Sports’ 5 most remarkable comebacks (and Vick makes list)

Michael vick is a starter once again.

Michael vick is a starter once again.

We all love comeback stories. It’s understandable if not everybody in Atlanta is completely embracing the Michael Vick comeback story. But if Vick’s sudden ascent to starting quarterback for the Philadelphia Eagles’ starting quarterback turns out to be not just an aberration for the rest of his NFL career, his return to the top will go down as one of the most remarkable comeback stories in sports history.

I would put Vick’s comeback as No. 4 all-time. You may put him higher, or lower, or not at all. But here are my top 5.

♦ 1. Muhammad Ali: He was the heavyweight champion when being the heavyweight champion meant something. But he was stripped of his title after refusing induction into the army in 1967 because, as he said, “I ain’t got no quarrel against no Viet Cong.” When Ali returned to the ring three years and seven months later in Atlanta, he

Muhammad Ali: Scored a TKO over Jerry Quarry after a 3 1/2-year absence.

Muhammad Ali: Stopped Jerry Quarry after a 3 1/2-year absence.

dropped Jerry Quarry in three rounds and eventually regained the WBA and WBC championship by knocking out George Foreman.

♦ 2. Ted Williams: He hit .327, .344, .406 and .356 in his first four major league seasons. Then he left after the 1942 season to fly as a fighter pilot in World War II, came back in 1946 and won his first of two MVP awards and the Triple Crown in 1947. He left again to fight in the Korean War, came back and immediately became an All-Star.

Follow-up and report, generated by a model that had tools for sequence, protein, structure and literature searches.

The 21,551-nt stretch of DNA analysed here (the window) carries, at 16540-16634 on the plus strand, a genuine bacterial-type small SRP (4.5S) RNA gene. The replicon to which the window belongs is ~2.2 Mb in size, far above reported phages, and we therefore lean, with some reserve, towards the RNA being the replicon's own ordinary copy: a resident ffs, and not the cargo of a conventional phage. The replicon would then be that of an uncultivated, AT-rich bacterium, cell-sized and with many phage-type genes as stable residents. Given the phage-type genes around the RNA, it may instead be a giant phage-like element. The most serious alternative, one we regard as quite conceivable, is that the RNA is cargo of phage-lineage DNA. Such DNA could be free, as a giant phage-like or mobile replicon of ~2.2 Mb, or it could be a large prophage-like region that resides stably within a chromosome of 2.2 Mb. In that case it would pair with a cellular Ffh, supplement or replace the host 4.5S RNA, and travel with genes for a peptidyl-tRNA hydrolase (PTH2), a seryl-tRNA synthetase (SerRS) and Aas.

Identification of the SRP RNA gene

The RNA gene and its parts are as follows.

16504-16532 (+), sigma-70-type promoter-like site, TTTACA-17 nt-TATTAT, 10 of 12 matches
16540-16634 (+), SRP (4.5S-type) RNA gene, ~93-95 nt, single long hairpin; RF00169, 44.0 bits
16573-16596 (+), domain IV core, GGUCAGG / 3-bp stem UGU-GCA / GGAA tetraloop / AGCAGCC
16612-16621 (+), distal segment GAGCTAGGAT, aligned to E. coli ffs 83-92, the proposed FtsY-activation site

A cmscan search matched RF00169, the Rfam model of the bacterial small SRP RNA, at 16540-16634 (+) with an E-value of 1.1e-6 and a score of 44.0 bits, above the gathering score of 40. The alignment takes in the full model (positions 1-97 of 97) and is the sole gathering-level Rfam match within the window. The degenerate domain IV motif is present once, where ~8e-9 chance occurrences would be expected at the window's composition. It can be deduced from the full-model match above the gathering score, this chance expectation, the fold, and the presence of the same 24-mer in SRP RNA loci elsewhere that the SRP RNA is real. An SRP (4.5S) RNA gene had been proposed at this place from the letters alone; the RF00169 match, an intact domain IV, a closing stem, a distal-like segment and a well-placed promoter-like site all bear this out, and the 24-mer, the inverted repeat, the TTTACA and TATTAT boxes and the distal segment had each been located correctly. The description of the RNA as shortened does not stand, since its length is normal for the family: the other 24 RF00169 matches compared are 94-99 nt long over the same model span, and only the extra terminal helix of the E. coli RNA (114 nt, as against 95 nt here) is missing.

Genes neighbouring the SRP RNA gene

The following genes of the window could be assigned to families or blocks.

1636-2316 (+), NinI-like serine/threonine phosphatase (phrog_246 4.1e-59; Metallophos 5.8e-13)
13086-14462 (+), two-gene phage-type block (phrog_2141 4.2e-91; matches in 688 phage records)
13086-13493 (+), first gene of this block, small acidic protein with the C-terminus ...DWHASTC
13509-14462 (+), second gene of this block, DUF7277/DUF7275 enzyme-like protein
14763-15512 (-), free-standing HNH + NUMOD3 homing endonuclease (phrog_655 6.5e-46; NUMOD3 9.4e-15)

Ted Williams: Fighter pilot in World War II and Korea.

Ted Williams: Fighter pilot in World War II and Korea.

♦ 3. Mario Lemieux: The former Pittsburgh Penguins great took a year off (his first exit). He came back from radiation treatments and surgery for Hodgkin’s lymphoma (as well as two back surgeries). He “retired” for the first time in 1997 – despite winning the scoring title that year with a 50-goal, 122-point season. Three and a half years later, he decided to come back and had an immediate impact: 35 goals and 76 points in only 43 games in the 2000-01 season. He had a goal and two assists in his first game back.

♦ 4. Michael Vick: No athlete lost more than Vick when he went to prison, and I’m including Mike Tyson, when you take into account NFL salary, off-the-field income, career stature and personal stature. Vick’s wounds obviously were self-inflicted, but that

Mario Lemieux scored in his first game back.

Mario Lemieux scored in his first game back.

makes his return to starter even more impressive because it shows he has matured and overcome personal demons.

♦ 5. Ben Hogan: Last April, Tiger Woods compared his comeback from a sex scandal to Hogan’s comeback from nearly dying in a car crash. Woods didn’t put his foot in his mouth, he put an entire shoe store in his mouth. Hogan, like Williams, missed two years on the PGA Tour to serve in War World II. But his most stunning return followed a head-on car collision with a bus in Texas in 1949. He suffered a fractured collar bone, double-fracture of the pelvis, fractures in his ankle and ribs and near-fatal blood clots. He spent two months in the hospital. Then he returned and won two Masters, three U.S. Opens and the British Open between 1950 and 1953.

You’ll notice I’m not including athletes who come back from normal sports injuries. Others high on my list included: George Foreman (boxing), Dara Torres (swimming), Michael Jordan (basketball) and Gordie Howe (hockey).

So where would you rank Vick’s ascent back to starter?